The sources for my inspirations have always been arbitrary and just really depend on what I’m currently into. This can range anything from movies, games, anime, life events. But recently I’ve been trying to get more involved in animation communities online to see all the work that my peers and fellow animators are doing.
I find that creative blocks are inevitable and I haven’t really figured out the best way to handle them. Sometimes it’s about powering through them and forcing yourself to get the work done. Sometimes you have to just accept the situation, take the loss and go ‘Next!’.
At that time I try my best to keep my mind off work and maybe go shoot some hoops or play some Overwatch. Occasionally I can come back to the work with fresh eyes, but usually I have to just work on something completely different. When it’s a large project it means working on a different part of the project.
You completed a Fine Arts degree before doing the CG Spectrum animation course. How does your background in fine arts influence your aesthetic and how did it influence your entry into a 3D animation career?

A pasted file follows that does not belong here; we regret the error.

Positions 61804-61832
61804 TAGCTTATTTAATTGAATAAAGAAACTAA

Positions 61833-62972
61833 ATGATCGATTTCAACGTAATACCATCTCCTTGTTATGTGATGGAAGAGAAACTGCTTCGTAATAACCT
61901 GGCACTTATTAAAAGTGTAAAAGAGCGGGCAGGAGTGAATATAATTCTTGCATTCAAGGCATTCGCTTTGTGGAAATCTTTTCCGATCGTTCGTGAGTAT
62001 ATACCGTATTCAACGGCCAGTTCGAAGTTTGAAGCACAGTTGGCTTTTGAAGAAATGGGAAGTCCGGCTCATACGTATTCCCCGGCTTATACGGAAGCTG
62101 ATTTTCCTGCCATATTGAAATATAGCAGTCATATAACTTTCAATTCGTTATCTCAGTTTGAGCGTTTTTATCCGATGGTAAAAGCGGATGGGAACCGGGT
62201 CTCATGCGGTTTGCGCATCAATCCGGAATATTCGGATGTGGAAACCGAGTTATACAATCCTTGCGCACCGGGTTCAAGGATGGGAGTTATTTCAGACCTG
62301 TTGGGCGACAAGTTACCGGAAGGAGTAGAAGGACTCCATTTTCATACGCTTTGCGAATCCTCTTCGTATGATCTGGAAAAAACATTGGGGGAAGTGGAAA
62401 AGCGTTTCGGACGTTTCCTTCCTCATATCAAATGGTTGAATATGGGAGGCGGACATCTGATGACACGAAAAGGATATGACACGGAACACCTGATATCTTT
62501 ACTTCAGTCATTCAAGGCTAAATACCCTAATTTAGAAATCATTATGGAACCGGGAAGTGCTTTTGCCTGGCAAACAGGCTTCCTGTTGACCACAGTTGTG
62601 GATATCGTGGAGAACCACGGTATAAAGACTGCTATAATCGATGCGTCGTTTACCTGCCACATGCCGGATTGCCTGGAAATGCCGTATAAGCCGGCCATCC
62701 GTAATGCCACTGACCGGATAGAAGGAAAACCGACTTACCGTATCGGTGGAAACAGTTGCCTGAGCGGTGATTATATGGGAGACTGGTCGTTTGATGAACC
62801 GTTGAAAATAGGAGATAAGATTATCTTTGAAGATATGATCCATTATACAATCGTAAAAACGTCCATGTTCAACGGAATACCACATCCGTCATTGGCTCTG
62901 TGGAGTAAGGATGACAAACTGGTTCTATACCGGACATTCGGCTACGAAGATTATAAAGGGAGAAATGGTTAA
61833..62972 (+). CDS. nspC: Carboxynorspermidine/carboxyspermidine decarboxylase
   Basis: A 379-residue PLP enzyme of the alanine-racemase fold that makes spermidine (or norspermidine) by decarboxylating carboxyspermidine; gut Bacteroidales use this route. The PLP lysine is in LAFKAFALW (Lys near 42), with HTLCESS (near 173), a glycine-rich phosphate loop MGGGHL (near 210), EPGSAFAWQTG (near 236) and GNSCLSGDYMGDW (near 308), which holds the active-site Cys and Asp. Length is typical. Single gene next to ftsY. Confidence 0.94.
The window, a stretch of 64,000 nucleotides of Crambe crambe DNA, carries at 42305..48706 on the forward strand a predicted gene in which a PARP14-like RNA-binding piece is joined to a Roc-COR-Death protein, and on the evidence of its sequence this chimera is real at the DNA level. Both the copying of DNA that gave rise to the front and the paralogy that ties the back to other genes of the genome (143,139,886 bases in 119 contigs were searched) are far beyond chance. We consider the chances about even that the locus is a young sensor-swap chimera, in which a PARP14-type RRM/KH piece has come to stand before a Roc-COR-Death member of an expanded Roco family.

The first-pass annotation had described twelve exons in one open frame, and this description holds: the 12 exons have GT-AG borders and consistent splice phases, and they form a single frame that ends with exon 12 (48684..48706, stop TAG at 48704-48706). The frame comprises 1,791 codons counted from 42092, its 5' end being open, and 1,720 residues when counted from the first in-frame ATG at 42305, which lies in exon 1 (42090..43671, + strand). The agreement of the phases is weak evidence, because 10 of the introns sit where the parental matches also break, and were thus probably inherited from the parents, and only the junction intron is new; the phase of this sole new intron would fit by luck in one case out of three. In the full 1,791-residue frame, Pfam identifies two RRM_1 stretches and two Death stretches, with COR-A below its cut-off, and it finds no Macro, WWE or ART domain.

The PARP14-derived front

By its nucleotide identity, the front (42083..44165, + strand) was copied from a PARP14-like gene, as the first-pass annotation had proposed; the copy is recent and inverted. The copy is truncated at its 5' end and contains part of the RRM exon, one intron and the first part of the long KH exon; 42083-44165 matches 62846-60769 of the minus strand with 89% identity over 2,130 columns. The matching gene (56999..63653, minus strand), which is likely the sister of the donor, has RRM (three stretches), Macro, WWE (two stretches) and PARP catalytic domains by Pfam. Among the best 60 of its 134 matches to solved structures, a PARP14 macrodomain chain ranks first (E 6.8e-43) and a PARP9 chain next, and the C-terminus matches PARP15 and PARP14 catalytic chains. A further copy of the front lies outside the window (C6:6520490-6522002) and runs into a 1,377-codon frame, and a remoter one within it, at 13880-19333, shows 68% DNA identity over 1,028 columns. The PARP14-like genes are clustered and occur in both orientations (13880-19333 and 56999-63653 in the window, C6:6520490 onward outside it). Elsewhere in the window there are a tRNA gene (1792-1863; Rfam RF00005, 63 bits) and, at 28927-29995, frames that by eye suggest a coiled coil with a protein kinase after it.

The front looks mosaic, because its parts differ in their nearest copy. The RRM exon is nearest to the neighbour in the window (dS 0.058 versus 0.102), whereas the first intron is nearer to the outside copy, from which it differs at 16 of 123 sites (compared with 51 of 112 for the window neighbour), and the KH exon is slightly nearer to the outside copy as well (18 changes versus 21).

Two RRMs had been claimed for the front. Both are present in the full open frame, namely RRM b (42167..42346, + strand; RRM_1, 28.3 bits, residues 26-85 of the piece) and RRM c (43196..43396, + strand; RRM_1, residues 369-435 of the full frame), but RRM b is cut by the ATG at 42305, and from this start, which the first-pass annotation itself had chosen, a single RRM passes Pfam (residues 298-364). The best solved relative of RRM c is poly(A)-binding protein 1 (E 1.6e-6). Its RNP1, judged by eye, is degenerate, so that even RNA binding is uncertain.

I don’t think my time at university really influences my aesthetic but rather influences the way I handle critiques and criticisms. Just like any creative industry, you have to be able to talk about your work, reassess it and change it according to the project's demands.
The more positive you are and more willing to receive criticism for your work, the further you can go in this industry.
Critiques and reviews are also the best and fastest way to learn about your work and to improve.
How did you hear about CG Spectrum? How did the course help develop the skills for a 3D animation career, and what was the best advice your mentor gave you?
CG Spectrum was recommended to me by a professional in the industry. I knew that I needed a demo reel to get a job and I needed a place where I could take my underdeveloped animation knowledge, grow it and apply it to create a portfolio.